Wednesday, May 30, 2007

Davies set to adapt erotic thriller for ITV

Andrew Davies must be the busiest writer in Britain. ITV has commissioned him to pen an adaptation of the modern, erotic thriller Sleep with Me by Joanna Briscoe, according to MediaGuardian. The two-part mini-series will be produced by Independent Clerkenwell Films. Davies is also working on a tele-film adaptation of EM Forster's A Room with a View for ITV, due to air in 2008.

Davies has also been busy scripting productions for the BBC. These include Sense and Sensibility, yet another Austen adaptation, set to air this Autumn, plus Fanny Hill, John Cleland's racy 18th century novel, which is to be broadcast on BBC4. Davies is also reported to be working on a new BBC series of Dicken's Little Dorrit, emulating the soap opera style of the highly successful Bleak House, and is also to pen a single 90-minute drama of James Hawes's Speak for England, to air on BBC2.

Coppola's Marie Antoinette proves to be a feast for the senses

Here's a little something I've been meaning to write for some time now. I wanted to record my huge appreciation of Sofia Coppola's mesmerising Marie Antoinette.

I simply adored this film. Most unexpectedly.

I fervently wish I'd caught it at the cinema - such a lustrous, richly visual spectacle probably deserved nothing less. But I had to make do with a DVD and my widescreen television, fed through speakers to do some justice at least to the wonderful soundtrack.

I also loved Coppola's Lost in Translation and her earlier work, The Virgin Suicides. Which must mean, I guess, that Coppola's aesthetic style appeals to me. There is a stillness, a silence almost, at the heart of her films - even when your screen is a riot of colour and activity - which I find intensely moving. I also love her focus on strong female protagonists, and by strong, that doesn't mean kickass 'Xena' warrior princess-types - but complex, multi-layered women, whose feelings you can't help but engage with.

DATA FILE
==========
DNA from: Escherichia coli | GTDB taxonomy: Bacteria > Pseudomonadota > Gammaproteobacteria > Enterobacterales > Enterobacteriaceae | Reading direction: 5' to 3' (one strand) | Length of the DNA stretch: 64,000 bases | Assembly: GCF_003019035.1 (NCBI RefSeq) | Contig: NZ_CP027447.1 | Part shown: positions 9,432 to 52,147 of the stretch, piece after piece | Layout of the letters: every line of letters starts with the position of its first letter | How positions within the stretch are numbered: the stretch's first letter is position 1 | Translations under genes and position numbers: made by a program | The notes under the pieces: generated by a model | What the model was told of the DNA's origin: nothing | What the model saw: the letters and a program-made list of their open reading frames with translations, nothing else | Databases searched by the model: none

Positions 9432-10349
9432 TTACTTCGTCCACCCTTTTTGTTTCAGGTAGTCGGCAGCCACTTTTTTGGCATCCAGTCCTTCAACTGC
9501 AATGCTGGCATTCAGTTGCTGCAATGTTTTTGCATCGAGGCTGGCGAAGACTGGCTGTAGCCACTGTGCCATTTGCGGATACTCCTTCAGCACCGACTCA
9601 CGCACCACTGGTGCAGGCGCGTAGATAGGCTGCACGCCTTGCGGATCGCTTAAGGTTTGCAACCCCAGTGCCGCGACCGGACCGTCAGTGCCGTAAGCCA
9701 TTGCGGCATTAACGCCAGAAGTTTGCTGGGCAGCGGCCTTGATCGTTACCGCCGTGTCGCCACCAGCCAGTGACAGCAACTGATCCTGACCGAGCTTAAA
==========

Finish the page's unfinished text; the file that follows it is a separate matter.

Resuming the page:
Scarlet Johansson was a splendid Coppola heroine in Lost in Translation, capturing that slightly aloof yet densely textured Coppolaesque 'essence' for want of a better phrase. I harboured doubts about Kirsten Dunst in the title role as Marie Antoinette. I'm not a great fan of Dunst, even though I enjoyed her in Coppola's The Virgin Suicides.

In fact, for much of Marie Antoinette, I even wondered if Dunst had bitten off more than she could chew. She seemed so ill at ease, so lost in it all, overwhelmed ... and then it struck me that she was absolutely perfect for the role, capturing Marie Antoinette's own lost, lonely sense of alienation, her necessity to seal herself away in a lush, consumerist dreamworld - a fantasia which was to cost her dearly.

Indeed, Marie Antoinette's excessive purchasing habits, her debauched lifestyle, were splendidly portrayed here. As was the opulent grandeur and sumptuous ritual of life at Versailles.

Other performances worth mentioning include Jason Schwartzman as Marie's sexually awkward husband Louis XVI, Steve Coogan as Marie's Austrian compatriot Ambassador Mercy (their final parting was particularly poignant), Shirley Henderson as Aunt Sophie and Rose Byrne as the scandalous, vivacious Duchesse de Polignac.

I had no qualms with the plethora of American accents, with the liberties taken with historical veracity, with the tumbling juxtaposition of historicities with brash 80s pop music. Indeed, the music was a highlight. I especially loved the usage of Siouxsie and the Banshee's Hong Kong Gardens, complete with violin intro, and I loved how the disconsolate melancholy of The Cure was used in the closing credits, capturing the sense of tragedy which pervades the closing stages of the film - indeed, there is a haunting melancholic undertow throughout. We all know how it ends, even though Coppola chooses to close the action with the King and Queen quitting Versailles for the very last time.

Music is such a powerful sensory weapon in the director's arsenal and Sofia Coppola proves she has an expert ear.